It takes less than 15 minutes to prepare this one and, we relish on this dish.
Thanks, Kellogg’s for providing such myriad of ideas with nashta. It’s no wonder that just as Guptaji’s family, who knows how to whip up the perfect breakfast for any occasion, everyone shall be asking you for inviting them to a breakfast treat. Even I won’t mind visiting Kellogg’s waale Guptaji’s house for a delectable nashta. Oh! Don’t take me as a shameless lady. I would like to visit Guptaji’s house because #Guptajikifamily is well-known for their hospitality and, they do make yummy recipes with Kellogg’s. Just have a look at this coconut laddoos prepared by his wife. Irresistible, isn’t it?
Wondering who is Guptaji? Click this link and enlighten yourself Kellogg’s India-YouTube.
Also, watch this video to know more about Guptaji and his family! Popularly known as #KelloggsWaleGuptaji.
Photo Courtesy: Kelloggs.in
Happiness is, perhaps, the most cherished of all human emotions, yet many find it elusive. Happiness is a warm sensation of satisfaction and fulfillment.
Depending on our actions, happiness comes from within our hearts. Simple things that we do, trivial mundane everyday activities of our life, are the sources of our very own happiness. It’s a feeling that lifts up the soul, gives it wings to fly and, helps us to realize how beautiful the world is. Happiness, like a magic potion, cures and rejuvenates the soul making if feel vibrant and colourful.
I’m a nature lover. Mother Nature never fails provide me with peace of mind I find nowhere else. And, for this very reason, I find my happiness so simply. When I stare at the white clouds gliding happily in the cerulean sky, I feel as if I’m floating too with them, to an unknown, fascinating, destination. The diverse shapes of the clouds elicit my imagination and, I feel an instantaneous happiness.
In a drenched, pristine white, diminutive flower, I can feel the caressing touch of Nature. The blissful raindrops on my shoulders heal up all the unseen wounds, an inseparable part of the journey called life.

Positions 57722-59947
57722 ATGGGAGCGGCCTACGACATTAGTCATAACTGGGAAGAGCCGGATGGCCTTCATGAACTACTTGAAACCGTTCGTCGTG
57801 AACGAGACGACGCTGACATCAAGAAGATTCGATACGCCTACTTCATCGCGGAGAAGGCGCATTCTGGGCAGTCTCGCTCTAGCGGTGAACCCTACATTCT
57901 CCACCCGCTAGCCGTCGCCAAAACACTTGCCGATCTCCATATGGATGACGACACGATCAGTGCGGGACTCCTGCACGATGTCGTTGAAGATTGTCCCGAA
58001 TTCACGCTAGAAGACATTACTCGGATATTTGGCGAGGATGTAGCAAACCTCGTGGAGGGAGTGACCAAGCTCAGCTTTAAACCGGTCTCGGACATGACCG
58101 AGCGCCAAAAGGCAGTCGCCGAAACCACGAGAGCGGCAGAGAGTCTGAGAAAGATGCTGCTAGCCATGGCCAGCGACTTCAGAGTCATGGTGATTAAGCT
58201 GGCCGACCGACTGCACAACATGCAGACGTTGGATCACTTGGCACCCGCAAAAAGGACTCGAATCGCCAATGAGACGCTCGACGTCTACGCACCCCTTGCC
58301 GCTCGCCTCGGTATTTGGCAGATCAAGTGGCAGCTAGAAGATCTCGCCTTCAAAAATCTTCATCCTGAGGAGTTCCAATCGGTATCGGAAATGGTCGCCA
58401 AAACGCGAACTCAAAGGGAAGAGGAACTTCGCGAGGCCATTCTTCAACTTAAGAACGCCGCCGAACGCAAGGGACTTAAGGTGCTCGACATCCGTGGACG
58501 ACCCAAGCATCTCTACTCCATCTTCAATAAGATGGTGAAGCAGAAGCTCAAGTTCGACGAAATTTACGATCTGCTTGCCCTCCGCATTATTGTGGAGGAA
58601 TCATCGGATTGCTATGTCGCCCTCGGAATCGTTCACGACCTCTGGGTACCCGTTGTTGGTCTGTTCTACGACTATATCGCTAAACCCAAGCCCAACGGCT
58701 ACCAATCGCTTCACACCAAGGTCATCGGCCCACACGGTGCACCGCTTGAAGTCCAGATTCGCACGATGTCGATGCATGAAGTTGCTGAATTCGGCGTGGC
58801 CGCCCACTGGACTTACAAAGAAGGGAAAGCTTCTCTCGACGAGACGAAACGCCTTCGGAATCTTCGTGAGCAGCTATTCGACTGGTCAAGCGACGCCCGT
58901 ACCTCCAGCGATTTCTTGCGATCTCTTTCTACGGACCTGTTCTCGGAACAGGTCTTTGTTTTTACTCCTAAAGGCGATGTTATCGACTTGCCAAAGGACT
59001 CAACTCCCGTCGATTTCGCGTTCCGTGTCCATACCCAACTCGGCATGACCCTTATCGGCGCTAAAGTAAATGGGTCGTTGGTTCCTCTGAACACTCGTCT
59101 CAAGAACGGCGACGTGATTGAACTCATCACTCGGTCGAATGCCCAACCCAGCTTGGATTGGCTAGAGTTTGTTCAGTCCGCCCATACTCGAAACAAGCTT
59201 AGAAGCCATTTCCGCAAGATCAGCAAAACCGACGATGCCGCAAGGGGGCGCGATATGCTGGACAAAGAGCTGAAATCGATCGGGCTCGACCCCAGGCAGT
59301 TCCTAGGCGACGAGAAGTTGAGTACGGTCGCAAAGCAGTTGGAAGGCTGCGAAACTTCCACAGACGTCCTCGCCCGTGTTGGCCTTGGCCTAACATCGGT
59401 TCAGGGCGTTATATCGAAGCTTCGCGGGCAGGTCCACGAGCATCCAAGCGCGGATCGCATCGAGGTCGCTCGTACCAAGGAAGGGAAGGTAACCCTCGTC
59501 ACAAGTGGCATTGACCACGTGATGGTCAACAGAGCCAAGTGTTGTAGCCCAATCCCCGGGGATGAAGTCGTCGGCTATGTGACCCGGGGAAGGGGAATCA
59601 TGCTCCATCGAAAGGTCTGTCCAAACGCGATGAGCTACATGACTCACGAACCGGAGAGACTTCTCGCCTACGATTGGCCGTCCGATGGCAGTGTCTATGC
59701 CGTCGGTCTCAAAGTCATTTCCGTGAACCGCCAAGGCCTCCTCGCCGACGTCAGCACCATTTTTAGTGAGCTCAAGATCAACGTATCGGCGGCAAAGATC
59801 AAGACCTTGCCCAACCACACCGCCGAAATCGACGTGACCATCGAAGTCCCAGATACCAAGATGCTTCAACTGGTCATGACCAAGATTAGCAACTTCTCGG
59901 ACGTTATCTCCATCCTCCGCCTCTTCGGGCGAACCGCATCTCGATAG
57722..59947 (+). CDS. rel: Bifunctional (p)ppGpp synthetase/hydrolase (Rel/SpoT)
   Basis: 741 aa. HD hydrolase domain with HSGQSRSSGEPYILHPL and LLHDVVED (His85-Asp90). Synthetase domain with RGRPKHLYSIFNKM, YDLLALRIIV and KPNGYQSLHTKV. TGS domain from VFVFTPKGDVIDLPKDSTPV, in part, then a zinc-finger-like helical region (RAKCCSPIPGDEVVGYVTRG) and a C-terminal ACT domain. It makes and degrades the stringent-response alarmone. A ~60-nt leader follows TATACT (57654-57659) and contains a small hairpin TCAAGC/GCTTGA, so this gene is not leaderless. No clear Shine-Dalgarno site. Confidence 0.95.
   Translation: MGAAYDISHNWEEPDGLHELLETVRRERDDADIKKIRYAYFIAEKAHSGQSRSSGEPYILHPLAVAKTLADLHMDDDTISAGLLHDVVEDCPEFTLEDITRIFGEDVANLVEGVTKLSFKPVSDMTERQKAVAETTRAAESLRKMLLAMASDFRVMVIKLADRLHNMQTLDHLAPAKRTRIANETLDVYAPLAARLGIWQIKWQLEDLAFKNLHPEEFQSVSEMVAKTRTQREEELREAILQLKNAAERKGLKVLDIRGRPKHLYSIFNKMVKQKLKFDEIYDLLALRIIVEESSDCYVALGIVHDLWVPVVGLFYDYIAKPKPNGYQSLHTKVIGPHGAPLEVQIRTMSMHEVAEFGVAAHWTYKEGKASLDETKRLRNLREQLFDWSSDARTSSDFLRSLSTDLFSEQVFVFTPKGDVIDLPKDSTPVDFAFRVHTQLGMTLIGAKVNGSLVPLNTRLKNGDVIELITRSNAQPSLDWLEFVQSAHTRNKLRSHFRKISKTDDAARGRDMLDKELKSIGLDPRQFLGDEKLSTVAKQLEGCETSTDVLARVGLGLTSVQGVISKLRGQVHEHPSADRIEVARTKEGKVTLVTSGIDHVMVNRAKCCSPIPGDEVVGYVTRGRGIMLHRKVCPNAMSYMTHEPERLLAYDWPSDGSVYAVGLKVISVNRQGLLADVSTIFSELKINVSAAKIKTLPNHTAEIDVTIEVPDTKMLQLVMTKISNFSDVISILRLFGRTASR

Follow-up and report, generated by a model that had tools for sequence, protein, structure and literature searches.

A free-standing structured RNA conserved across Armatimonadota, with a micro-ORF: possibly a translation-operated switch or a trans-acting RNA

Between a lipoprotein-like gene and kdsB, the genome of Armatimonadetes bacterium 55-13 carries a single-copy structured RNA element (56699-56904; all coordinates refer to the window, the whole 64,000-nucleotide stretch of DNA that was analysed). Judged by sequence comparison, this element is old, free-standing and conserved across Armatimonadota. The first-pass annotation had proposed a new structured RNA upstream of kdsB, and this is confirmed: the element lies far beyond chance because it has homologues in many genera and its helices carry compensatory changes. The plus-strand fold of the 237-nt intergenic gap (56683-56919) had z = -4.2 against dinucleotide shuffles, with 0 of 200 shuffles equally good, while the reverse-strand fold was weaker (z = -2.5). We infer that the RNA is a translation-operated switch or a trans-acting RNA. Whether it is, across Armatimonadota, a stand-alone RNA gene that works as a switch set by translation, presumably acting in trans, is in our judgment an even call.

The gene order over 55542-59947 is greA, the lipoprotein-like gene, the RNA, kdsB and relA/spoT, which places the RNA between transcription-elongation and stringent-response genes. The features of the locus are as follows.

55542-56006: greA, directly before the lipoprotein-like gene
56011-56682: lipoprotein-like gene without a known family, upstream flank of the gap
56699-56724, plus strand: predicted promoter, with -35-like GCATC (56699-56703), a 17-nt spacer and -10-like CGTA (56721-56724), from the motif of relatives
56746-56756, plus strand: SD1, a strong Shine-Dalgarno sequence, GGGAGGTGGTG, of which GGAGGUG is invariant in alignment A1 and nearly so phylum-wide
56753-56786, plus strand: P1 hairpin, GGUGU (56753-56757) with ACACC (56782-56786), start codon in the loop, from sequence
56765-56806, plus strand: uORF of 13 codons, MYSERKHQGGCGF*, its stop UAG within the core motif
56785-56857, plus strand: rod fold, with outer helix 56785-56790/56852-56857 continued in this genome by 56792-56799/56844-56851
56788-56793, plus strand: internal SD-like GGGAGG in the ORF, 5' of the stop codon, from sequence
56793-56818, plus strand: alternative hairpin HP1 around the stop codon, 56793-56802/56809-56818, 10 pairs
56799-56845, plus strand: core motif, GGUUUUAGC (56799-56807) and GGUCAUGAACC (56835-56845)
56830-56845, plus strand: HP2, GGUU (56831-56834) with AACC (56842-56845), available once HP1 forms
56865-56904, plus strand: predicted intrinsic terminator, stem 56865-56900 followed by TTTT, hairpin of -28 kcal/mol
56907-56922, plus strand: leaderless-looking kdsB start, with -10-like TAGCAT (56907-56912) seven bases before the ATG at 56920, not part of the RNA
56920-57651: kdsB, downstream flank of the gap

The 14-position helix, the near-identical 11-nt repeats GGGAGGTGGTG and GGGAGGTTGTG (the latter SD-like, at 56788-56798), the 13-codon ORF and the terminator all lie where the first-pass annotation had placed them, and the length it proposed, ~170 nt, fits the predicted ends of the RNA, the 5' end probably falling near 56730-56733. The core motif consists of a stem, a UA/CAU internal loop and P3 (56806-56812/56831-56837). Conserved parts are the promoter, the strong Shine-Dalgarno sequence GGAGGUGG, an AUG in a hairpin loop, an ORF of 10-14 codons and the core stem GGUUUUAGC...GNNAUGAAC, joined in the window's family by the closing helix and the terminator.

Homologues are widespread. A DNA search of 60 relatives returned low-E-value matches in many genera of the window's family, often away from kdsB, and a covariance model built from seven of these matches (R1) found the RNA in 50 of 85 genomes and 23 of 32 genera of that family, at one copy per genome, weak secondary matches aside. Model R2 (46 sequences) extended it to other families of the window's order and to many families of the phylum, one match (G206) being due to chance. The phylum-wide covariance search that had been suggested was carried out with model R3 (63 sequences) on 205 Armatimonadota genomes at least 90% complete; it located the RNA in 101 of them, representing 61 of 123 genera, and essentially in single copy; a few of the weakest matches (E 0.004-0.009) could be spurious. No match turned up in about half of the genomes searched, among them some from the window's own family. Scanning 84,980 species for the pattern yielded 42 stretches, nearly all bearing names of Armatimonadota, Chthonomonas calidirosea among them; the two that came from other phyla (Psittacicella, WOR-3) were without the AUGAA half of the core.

Readers may think why my feelings of happiness are evoked by something abstract. Dining in a five-star restaurant, shopping all through the day or enjoying a couple of hours at the most expensive spa, having fun with the best buddies at a party; aren’t all these happiness? No, they are not. There is a subtle difference between pleasure and happiness. All these can be termed as pleasurable experiences. Experiences which satisfied our mind, events we definitely had enjoyed and, let pass. Thus, pleasure is fleeting but, happiness is eternal. Something we cherish and love all through our life.
Happiness is, actually, the contentment which makes you feel lighter. It is the fulfillment of your inner self, a state of mind when nothing else matters. Pleasure can enrich your life with unknown experiences, but, happiness makes you feel closer to your own self.
A repetitive dose of pleasure may fail to extract the same amount of emotion, but, happiness in constant. Happiness doesn’t depend on past and the future, it exists in the present state of life, as it is now and, how we deal with it.
Pleasure should be an experience without any worries, but, happiness essentially depends on overcoming the challenges of life.
Today’s WordPress Photo Challenge is Fresh. And, what can be fresher than flowers? A tiny pristine white drenched beauty and delicate pink petals of the blossoming spring; my take on the theme Fresh.